Times When We Were Flourishing.
When speaking of a sustainable lifestyle on a personal as well as a societal level, one descriptor that is used quite frequently is "flourishing." This seems very appropriate for a vision about sustainability. It helps open up the vision to what each of us believes would be conducive for our human fulfillment in a very deep way. What will truly lead to our wellbeing?
This does require us to let go of what society has convinced us to believe is important for our wellbeing. It requires us to let go of the constant messaging of commercial advertisements and of peer pressure. It requires us to extricate ourselves from the limitations of our current economic system and begin to explore other options.
My belief is that deep down, each of us knows what has brought us fulfillment and delight in the past. There are times that each of us remembers quite fondly when we were flourishing - with our family, friends, work associates or being out in Nature. We may have thought at the time, wouldn't it be wonderful if this is how all of life could be. Then we move on back to the world given to us, assuming that such a constant state is unattainable. The hope here is that such fulfillment may be more possible than we have believed.
An important step to creating a vision is to reflect back on those times when we were flourishing in the past. What was going on? What were we doing, what were others doing, how were we feeling, what support was being provided that enabled us to flourish? These are personal stories about the times when we were flourishing. This is an important part of a vision. It is something that could be built in and expanded upon.
While this is a particularly personal reflection, it can be shared with others. We often find important commonalities when we do share these reflections. We also gain respect for how each of us is unique.
Principles for Life in the 21st Century
Many people have been thinking about this recently - what it takes for us to flourish. People have been coming up with what I call "Principles" that describe what is needed for this flourishing. You may or may not feel that these apply for you. In the end, each of us needs to derive our own principles. However, I have found these helpful. Here are some of the principles that I have encountered in the writings of others.
- Living well. Based on a happiness dependent not on possessions, but on harmony and generosity. A flowering of volunteerism and creativity. The deep, abiding happiness that comes from living life in full harmony with the natural world, with our communities and fellow beings, and with our culture and spiritual heritage - in short, from feeling totally connected with our world.
- Cooperative behavior. Mutual altruism, feelings and empathy for people and other species.
- Integrating development with growth. Invest optimally in strategies that promote both development and growth. Economic policy emphasis will shift from efficiency and quantitative growth (getting bigger faster) toward equity and qualitative development (getting truly better.) Development rather than growth may be more conducive to human happiness and welfare.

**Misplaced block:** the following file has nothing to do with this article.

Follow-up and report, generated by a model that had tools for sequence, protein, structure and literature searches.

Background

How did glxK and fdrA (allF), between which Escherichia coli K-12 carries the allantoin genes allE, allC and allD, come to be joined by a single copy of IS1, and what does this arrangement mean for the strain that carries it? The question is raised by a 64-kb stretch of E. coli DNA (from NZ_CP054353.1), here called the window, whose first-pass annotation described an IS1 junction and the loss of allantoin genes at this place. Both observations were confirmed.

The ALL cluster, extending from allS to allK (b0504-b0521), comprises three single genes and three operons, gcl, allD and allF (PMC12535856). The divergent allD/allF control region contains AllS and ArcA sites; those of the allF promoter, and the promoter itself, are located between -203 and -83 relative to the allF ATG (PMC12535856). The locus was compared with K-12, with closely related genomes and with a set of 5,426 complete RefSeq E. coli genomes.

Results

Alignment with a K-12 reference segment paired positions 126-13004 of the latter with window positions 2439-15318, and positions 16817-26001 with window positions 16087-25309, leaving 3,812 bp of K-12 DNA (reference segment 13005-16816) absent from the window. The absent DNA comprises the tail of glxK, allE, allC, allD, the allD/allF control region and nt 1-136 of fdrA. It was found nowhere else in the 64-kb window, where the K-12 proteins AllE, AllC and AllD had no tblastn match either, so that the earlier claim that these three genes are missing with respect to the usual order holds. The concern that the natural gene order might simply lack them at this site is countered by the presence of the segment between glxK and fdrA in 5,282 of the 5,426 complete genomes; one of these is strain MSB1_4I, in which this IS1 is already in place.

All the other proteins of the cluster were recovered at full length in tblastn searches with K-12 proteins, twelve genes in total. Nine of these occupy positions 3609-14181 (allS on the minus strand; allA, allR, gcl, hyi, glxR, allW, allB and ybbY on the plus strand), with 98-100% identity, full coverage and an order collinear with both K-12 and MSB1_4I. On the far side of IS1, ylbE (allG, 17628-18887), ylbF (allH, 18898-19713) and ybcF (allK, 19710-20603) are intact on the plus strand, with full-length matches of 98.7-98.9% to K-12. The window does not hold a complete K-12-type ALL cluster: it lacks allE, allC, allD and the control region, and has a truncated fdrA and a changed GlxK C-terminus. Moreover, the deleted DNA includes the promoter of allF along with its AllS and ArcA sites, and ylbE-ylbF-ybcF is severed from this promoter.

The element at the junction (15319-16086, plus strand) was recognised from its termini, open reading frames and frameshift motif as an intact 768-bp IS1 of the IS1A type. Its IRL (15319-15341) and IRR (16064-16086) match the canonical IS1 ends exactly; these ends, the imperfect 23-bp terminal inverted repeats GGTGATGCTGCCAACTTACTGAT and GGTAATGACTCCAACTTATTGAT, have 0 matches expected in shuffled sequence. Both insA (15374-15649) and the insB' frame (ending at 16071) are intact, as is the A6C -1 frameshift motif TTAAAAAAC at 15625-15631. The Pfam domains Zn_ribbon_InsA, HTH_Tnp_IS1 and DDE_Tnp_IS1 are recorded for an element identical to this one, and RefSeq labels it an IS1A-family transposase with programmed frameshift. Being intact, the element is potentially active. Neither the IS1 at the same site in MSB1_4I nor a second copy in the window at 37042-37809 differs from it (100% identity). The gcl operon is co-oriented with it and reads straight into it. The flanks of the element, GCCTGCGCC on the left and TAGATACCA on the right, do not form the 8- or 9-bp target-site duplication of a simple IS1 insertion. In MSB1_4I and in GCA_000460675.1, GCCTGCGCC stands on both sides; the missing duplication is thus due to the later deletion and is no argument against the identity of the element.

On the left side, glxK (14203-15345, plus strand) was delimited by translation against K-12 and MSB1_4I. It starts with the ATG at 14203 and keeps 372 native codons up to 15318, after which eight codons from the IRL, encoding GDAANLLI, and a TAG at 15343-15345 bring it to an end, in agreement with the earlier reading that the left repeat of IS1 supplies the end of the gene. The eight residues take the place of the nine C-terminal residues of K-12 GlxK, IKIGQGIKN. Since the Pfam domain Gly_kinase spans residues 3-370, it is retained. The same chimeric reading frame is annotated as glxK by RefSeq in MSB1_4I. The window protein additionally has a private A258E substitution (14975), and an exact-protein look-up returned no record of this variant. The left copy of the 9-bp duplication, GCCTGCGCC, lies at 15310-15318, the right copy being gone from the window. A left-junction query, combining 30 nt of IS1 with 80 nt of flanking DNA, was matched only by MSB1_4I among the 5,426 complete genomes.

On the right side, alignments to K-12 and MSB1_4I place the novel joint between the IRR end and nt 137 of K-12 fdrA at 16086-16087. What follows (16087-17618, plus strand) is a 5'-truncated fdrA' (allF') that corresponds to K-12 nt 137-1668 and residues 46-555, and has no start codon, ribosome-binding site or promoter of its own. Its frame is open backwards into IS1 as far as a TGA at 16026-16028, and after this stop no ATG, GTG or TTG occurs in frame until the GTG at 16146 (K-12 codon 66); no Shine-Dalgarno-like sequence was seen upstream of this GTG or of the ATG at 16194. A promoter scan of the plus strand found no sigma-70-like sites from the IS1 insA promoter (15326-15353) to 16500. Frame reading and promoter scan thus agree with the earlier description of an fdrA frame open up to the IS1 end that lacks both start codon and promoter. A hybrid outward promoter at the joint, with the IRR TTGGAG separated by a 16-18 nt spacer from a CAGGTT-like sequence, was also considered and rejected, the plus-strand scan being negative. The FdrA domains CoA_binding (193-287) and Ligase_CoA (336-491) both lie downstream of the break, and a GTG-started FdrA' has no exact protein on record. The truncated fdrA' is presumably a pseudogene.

- Renewed sense of community. Cooperative relationships, generosity and a sense of sufficiency.
- Implementing an equity-oriented planned economic contraction. This will require that the underpinning values of society shift from competitive individualism, greed and narrow self-interest toward community, cooperation and our common interest in surviving with dignity.
- Member economic participation. Members contribute equitably to and democratically control the capital of their cooperative enterprises.
- Conserver values. A sustainable society will cultivate investment and conserver values over spending and consumption.
- Maintaining effective organizational and societal learning to maximize the health of the whole system, not the wealth of a few people.
- Be resource efficient (material and energy). Skillfully and conservatively take advantage of resources and opportunities.
- Optimize rather than maximize.
There are many books that one can read and articles that can be found on the Internet that discuss what a flourishing life could be.
Tim Jackson in his book "Prosperity Without Growth" has the following to say on the topic of prosperity.
The biggest dilemma of our times is reconciling our aspirations for the good life with the limitations and constraints of a finite planet....Living well on a finite planet cannot simply be about consuming more and more stuff....The task of the economy is to deliver and to enable prosperity. But prosperity is not synonymous with material wealth and its requirements go beyond material sustenance.
Prosperity goes beyond material pleasures. It transcends material concerns. It resides in the quality of our lives and in the health and happiness of our families. It is present in the strength of our relationships and our trust in the community. It is evidenced by our satisfaction at work and our sense of shared meaning and purpose. It hangs on our potential to participate fully in the life of society.
In the end, we, individually and collectively, will arrive at our own sense of what a flourishing life of wellbeing could be.